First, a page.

(NASA/Goddard Space Flight Center) The latest tropical storm in the Atlantic Ocean formed one day ago and was already being battered by wind shear. NASA’s Aqua satellite imagery revealed Tropical Storm Edouard’s strongest storms were being displaced by strong southwesterly winds.
(NASA/Goddard Space Flight Center) NASA-NOAA’s Suomi NPP satellite imagery provided a look at the end of the second named tropical cyclone of the Eastern Pacific Ocean’s 2020 Hurricane Season.
(NASA/Goddard Space Flight Center) NASA-NOAA’s Suomi NPP satellite provided forecasters with visible image of the Eastern Pacific Ocean’s second tropical storm of the season, Boris. Boris formed just east of the Central Pacific Ocean’s boundary as it was moving into that region.
Porous rock containing oil and natural gas are buried so deep inside the earth that shale operators rely on complex models of the underground environment to estimate fossil fuel recovery. These simulations are notoriously complex, requiring highly-skilled operators to run them. These factors indirectly impact the cost of shale oil production and ultimately, how much consumers pay for their fuel.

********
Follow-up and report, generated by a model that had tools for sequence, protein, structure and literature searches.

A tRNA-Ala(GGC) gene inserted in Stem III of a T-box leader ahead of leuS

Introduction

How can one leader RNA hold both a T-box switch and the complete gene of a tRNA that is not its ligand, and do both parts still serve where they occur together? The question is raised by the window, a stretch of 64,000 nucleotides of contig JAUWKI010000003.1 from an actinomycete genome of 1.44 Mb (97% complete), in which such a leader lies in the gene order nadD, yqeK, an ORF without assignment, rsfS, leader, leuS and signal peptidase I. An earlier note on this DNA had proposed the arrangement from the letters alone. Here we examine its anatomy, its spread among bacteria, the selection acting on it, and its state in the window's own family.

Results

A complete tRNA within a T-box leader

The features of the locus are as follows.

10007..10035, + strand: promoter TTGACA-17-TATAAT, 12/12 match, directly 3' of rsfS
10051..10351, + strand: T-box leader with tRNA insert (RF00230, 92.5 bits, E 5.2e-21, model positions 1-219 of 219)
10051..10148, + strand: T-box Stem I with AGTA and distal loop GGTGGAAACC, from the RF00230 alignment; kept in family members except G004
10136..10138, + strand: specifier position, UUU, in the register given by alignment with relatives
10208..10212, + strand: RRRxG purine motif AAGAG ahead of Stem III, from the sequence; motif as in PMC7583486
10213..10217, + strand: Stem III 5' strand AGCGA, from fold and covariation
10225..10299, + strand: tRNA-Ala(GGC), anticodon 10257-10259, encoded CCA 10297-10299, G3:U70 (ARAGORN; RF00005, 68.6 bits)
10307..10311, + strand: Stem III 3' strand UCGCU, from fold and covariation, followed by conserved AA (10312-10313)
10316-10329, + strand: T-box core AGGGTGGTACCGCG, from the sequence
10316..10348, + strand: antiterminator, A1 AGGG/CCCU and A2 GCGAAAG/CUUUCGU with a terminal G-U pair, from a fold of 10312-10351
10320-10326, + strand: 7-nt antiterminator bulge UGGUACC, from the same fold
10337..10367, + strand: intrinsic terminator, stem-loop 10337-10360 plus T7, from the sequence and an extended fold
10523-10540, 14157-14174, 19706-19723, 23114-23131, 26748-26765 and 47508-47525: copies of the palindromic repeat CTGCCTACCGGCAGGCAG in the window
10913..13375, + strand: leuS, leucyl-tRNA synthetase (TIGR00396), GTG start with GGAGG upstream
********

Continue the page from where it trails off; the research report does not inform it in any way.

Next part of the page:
(NASA/Goddard Space Flight Center) The powerful hurricane that struck Galveston, Texas on September 8, 1900, killing an estimated 8,000 people and destroying more than 3,600 buildings, took the coastal city by surprise.
(NASA/Goddard Space Flight Center) A low-pressure system that developed in the Philippine Sea and tracked over the central Philippines has moved into the South China Sea and become a depression. NASA’s Terra satellite provided an image of the newly formed storm.
COVID-19 has proved to be a crisis not only for public health but for public policy. As credentialed experts, media commentators, and elected officials have insisted that ordinary men and women heed “the science,” the statistical models cited by scientists…
(NASA/Goddard Space Flight Center) One of the ways NASA observes tropical cyclones is by using infrared data that provides temperature information and indicates storm strength. The AIRS instrument aboard NASA’s Aqua satellite gathered that data and revealed Cristobal has the potential to generate heavy rainfall. That rainfall is now soaking Mexico and portions of Central America as Cristobal meanders.
(NASA/Goddard Space Flight Center) The third tropical cyclone of the Atlantic Ocean basin has been generating large amounts of rainfall over Mexico’s Yucatan and parts of Central America. Using satellite data, NASA analyzed that heavy rainfall and provided forecasters with valuable cloud top temperature data to help assess the strength of the storm.
(NASA/Goddard Space Flight Center) Satellite data of Tropical Cyclone Nisarga’s cloud top temperatures revealed that the storm had strengthened before it began making landfall in west central India.